The Long Arm of Immigrant Acculturation: Does Contact with the U.S. Increase the Risk of Overweight/Obesity in Mexican Sending Communities?
Fernando Riosmena, University of Colorado at Boulder
Reanne Frank, Ohio State University
Ilana Redstone Akresh, University of Illinois at Urbana-Champaign
Past research has shown that remittances from Mexico-US migration alter the health profile of children left behind in sending communities, generally in a positive way. We argue that this may be just one of the by-products of the acceleration of the epidemiological transition in sending areas brought by transnational connections brought by migration in certain health behaviors that are linked to gains in adult body mass. We use socioeconomic and anthropometric data from the 2000 Mexican National Health Survey matched to municipal-level migration intensity and marginalization indices from Mexico’s Population Council (CONAPO). Preliminary findings suggest a significant and positive relationship between community-level migration prevalence and individual risk of being overweight net of the marginalization level in the community. In the future, we will evaluate the relationship across different community contexts; separate the contribution of remittance flows from those of migrant circulation; and include measures of individual SES and household welfare.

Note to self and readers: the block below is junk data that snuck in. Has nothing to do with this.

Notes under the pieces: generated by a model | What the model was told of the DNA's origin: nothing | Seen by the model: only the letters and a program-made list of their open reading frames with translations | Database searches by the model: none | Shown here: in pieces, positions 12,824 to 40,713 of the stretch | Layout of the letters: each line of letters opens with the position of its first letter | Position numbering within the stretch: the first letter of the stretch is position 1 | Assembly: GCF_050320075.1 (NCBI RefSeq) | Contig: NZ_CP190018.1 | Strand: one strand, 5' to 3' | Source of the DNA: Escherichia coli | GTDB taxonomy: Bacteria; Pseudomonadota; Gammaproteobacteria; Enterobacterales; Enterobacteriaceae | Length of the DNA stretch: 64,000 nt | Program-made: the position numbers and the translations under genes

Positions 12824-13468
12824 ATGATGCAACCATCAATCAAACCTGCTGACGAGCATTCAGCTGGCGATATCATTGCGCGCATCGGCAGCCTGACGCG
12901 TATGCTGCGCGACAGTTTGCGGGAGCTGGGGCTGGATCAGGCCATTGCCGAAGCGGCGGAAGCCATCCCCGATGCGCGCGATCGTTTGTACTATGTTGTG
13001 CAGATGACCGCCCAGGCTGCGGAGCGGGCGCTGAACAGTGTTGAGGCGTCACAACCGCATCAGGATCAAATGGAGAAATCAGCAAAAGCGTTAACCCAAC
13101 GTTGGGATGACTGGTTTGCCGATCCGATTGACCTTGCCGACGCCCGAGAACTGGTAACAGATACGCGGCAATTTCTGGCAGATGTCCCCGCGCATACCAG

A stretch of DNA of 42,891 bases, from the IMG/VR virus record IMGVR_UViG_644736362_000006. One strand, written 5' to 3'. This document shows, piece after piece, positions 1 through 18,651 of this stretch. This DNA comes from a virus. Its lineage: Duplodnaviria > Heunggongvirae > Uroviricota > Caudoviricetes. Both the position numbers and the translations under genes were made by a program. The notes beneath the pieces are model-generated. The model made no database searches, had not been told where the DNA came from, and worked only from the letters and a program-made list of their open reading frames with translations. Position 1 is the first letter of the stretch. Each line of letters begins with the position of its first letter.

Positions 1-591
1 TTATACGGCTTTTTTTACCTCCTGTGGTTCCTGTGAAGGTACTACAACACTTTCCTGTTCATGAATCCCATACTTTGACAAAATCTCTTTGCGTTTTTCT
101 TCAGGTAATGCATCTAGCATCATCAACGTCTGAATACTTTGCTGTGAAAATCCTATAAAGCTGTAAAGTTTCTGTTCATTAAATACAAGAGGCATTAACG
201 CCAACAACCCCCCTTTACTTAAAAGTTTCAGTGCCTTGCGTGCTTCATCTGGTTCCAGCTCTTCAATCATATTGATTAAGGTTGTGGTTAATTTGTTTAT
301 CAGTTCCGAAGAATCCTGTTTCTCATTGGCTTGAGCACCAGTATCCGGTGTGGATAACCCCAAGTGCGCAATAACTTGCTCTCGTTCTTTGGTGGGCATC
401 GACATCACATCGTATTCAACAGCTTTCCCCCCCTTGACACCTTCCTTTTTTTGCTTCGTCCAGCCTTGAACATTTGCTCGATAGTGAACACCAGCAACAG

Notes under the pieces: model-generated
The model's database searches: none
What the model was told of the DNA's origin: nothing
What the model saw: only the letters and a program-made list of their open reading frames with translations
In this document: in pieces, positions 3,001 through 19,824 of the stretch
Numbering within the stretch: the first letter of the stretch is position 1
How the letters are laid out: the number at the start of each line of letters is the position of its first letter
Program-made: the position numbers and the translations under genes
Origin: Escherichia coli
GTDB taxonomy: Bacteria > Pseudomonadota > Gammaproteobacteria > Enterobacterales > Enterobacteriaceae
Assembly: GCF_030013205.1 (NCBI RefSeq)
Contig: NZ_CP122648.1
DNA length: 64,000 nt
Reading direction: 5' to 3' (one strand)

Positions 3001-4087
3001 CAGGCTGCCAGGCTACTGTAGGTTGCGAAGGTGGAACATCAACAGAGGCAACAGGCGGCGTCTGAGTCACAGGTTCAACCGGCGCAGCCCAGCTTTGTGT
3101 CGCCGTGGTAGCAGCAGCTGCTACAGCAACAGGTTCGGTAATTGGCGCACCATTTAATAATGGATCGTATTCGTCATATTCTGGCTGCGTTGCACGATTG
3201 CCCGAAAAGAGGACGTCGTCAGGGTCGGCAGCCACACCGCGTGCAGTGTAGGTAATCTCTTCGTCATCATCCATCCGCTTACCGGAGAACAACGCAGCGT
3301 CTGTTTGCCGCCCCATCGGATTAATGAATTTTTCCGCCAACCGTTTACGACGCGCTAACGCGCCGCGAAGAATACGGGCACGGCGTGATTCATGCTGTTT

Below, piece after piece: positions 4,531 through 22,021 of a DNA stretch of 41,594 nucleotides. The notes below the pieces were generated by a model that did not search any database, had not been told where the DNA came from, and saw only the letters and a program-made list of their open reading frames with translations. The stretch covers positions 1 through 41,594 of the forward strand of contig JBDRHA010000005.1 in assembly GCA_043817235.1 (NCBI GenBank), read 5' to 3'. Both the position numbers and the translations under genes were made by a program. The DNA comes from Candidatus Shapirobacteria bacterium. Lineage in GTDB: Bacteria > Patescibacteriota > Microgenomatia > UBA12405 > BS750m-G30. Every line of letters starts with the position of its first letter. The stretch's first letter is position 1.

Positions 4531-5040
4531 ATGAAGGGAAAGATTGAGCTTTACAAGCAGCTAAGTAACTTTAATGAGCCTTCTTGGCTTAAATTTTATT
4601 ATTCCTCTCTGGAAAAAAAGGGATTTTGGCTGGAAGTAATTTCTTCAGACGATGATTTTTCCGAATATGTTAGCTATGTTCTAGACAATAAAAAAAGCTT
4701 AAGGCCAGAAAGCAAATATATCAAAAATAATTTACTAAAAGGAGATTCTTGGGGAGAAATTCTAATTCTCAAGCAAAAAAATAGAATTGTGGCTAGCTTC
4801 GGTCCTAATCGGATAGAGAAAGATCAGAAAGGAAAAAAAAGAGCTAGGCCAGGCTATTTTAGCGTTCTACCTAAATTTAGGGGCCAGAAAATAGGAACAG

Presented in Poster Session 1